Federally regulated. The sponsor of a SBHP must be certified by the Secretary of Labor. Federal certification is deemed approved after 90 days unless the Secretary denies the application for cause. To do business in a state, a certified SBHP must provide written notice of its certification to the insurance regulator in every state in which it will operate. The federal government also has enforcement authority over the business practices of SBHPs. The bill includes broad preemption language stating that federal standards “shall supersede any and all State laws insofar as they may now or hereafter preclude a health insurance issuer from offering health insurance coverage in connection with a [certified] small business health plan.” This appears to prohibit a state from requiring that a SBHP be regulated as small group coverage and may preempt other state insurance rules, as well. The Secretary is required to coordinate with the State in which a particular SBHP is domiciled regarding the exercise of federal authority to certify a SBHP and enforce federal standards. The Secretary is also required to ensure that only one domicile state will be recognized with respect to any particular SBHP. The bill does not provide that the rules of the domicile state will supersede the laws of other states.
Nondiscrimination standards. The entity that sponsors a SBHP must be organized for a purpose other than providing health benefits, although it appears that providing health benefits could be the primary purpose of the organization. For example, a sponsoring entity could be a bona fide trade association, organized primarily for professional or industry-related purposes. Or it could adopt broadly inclusive membership standards to permit virtually any small group or individual to join. In addition, the sponsor of the SBHP is prohibited from conditioning membership on the size of its member groups. The bill does not prohibit a sponsoring entity from conditioning membership on the health status of small businesses; a nondiscrimination provision in the bill states that a requirement not to discriminate against employers and eligible employees is satisfied if the SBHP makes information about all coverage options readily available to any eligible small employer.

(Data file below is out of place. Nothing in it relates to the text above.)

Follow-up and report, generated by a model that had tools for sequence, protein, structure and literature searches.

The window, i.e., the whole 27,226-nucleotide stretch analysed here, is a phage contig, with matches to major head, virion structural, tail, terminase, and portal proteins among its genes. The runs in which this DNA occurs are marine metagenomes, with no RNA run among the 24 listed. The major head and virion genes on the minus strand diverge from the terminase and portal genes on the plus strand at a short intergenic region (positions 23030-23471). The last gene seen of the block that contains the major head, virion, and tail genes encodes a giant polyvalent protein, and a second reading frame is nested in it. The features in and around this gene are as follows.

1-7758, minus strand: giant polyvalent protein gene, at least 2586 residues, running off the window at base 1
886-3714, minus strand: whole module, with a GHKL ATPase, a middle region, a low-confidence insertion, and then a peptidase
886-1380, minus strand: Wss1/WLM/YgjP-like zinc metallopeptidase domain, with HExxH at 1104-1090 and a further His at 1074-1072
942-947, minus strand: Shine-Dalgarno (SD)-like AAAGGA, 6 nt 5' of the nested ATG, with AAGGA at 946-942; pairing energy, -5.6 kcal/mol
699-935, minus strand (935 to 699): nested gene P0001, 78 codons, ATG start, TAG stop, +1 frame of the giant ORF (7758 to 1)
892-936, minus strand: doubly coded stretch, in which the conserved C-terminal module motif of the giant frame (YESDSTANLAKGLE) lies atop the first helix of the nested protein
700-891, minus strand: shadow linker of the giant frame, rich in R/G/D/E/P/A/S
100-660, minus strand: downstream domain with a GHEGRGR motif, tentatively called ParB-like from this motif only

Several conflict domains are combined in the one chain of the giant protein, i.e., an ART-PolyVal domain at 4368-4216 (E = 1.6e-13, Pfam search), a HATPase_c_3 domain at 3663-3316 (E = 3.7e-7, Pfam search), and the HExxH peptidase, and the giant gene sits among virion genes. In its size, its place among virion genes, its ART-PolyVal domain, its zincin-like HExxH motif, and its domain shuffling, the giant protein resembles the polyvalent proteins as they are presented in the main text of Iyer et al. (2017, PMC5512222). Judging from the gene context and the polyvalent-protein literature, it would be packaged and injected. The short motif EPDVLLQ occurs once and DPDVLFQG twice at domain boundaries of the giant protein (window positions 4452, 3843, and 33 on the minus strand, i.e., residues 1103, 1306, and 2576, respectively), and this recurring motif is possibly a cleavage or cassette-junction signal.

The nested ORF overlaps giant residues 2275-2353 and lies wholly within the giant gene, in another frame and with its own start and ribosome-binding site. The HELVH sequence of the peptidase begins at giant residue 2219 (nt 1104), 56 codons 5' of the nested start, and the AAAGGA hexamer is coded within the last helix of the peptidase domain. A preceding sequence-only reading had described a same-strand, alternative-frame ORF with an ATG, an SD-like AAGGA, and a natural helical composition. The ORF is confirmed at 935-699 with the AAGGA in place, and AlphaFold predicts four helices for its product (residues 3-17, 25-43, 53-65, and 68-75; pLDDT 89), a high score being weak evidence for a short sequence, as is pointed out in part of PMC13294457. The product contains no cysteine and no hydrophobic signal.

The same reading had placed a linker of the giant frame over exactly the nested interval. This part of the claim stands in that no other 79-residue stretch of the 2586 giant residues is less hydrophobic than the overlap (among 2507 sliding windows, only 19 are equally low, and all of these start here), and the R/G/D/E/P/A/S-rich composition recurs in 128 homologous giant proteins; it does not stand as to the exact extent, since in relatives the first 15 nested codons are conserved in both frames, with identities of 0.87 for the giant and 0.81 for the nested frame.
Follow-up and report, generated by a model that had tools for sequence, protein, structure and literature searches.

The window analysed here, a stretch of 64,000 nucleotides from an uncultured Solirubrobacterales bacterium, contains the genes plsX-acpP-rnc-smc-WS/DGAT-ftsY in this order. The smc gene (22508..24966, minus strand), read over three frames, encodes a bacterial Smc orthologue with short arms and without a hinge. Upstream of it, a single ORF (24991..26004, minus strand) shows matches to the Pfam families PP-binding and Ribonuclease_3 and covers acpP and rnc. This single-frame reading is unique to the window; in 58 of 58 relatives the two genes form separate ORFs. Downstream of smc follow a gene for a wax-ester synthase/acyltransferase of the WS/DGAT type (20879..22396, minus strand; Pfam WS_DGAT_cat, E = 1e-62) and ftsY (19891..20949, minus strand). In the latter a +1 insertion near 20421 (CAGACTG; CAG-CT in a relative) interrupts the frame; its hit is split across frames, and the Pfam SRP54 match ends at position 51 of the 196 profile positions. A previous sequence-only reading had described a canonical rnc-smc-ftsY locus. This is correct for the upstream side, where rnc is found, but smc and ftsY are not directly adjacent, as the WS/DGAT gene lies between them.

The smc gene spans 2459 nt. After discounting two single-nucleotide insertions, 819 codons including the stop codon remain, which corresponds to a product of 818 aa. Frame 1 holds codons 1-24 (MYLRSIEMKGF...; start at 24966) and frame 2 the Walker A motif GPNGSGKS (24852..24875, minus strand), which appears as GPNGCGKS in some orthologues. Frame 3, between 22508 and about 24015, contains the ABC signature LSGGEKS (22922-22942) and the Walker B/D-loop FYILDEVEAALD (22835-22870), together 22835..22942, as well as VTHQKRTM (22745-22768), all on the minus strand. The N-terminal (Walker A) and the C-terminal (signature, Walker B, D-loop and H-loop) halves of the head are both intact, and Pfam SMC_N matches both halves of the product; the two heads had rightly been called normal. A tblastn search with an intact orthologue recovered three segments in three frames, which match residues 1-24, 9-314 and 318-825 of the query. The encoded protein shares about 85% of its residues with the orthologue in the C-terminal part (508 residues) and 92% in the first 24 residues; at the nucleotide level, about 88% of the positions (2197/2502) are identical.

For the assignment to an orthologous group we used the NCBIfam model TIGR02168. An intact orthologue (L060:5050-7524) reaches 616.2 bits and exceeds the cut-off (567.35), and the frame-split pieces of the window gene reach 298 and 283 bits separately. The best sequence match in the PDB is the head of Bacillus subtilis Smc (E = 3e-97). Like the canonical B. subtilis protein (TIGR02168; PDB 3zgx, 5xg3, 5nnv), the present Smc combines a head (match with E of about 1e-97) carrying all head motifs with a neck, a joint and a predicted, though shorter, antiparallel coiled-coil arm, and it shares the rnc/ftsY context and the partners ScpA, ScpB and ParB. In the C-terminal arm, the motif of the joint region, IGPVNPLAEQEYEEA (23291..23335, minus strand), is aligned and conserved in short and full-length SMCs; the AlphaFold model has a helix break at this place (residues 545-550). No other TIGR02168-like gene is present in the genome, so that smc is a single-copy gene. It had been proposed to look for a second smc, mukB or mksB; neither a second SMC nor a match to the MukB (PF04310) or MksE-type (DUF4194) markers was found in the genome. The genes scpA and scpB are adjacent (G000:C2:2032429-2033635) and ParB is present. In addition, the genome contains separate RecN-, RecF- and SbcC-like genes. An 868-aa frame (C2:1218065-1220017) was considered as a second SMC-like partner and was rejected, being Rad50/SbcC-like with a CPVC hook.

Under the BCRA, the SBHP provisions become effective 1 year after the date of enactment and the Secretary of Labor is required to issue implementing regulations no later than 6 months after the date of enactment.
Effects on Small Employers, Self-Employed Persons, and Traditional Markets
The establishment of small business health plans could affect the way health insurance operates for small employers, and could affect the entire small group health insurance market, in several ways:
Premium instability for small businesses and self-employed individuals – Because SBHPs would be able to set premiums for small firm and self-employed members based on health and risk status, it could be possible for SBHP members to obtain lower premiums for coverage as long as their workers and their family members are healthy. However, in the event a covered individual becomes seriously ill or injured, nothing under federal law would prevent the SBHP insurer from raising the premium for that small employer or self-employed individual, even to unaffordable levels. The affected small employer or self-employed person might then try to seek coverage in the traditional small group market or non-group market, where health status rating is prohibited, though as discussed below, premiums there could also become unaffordable.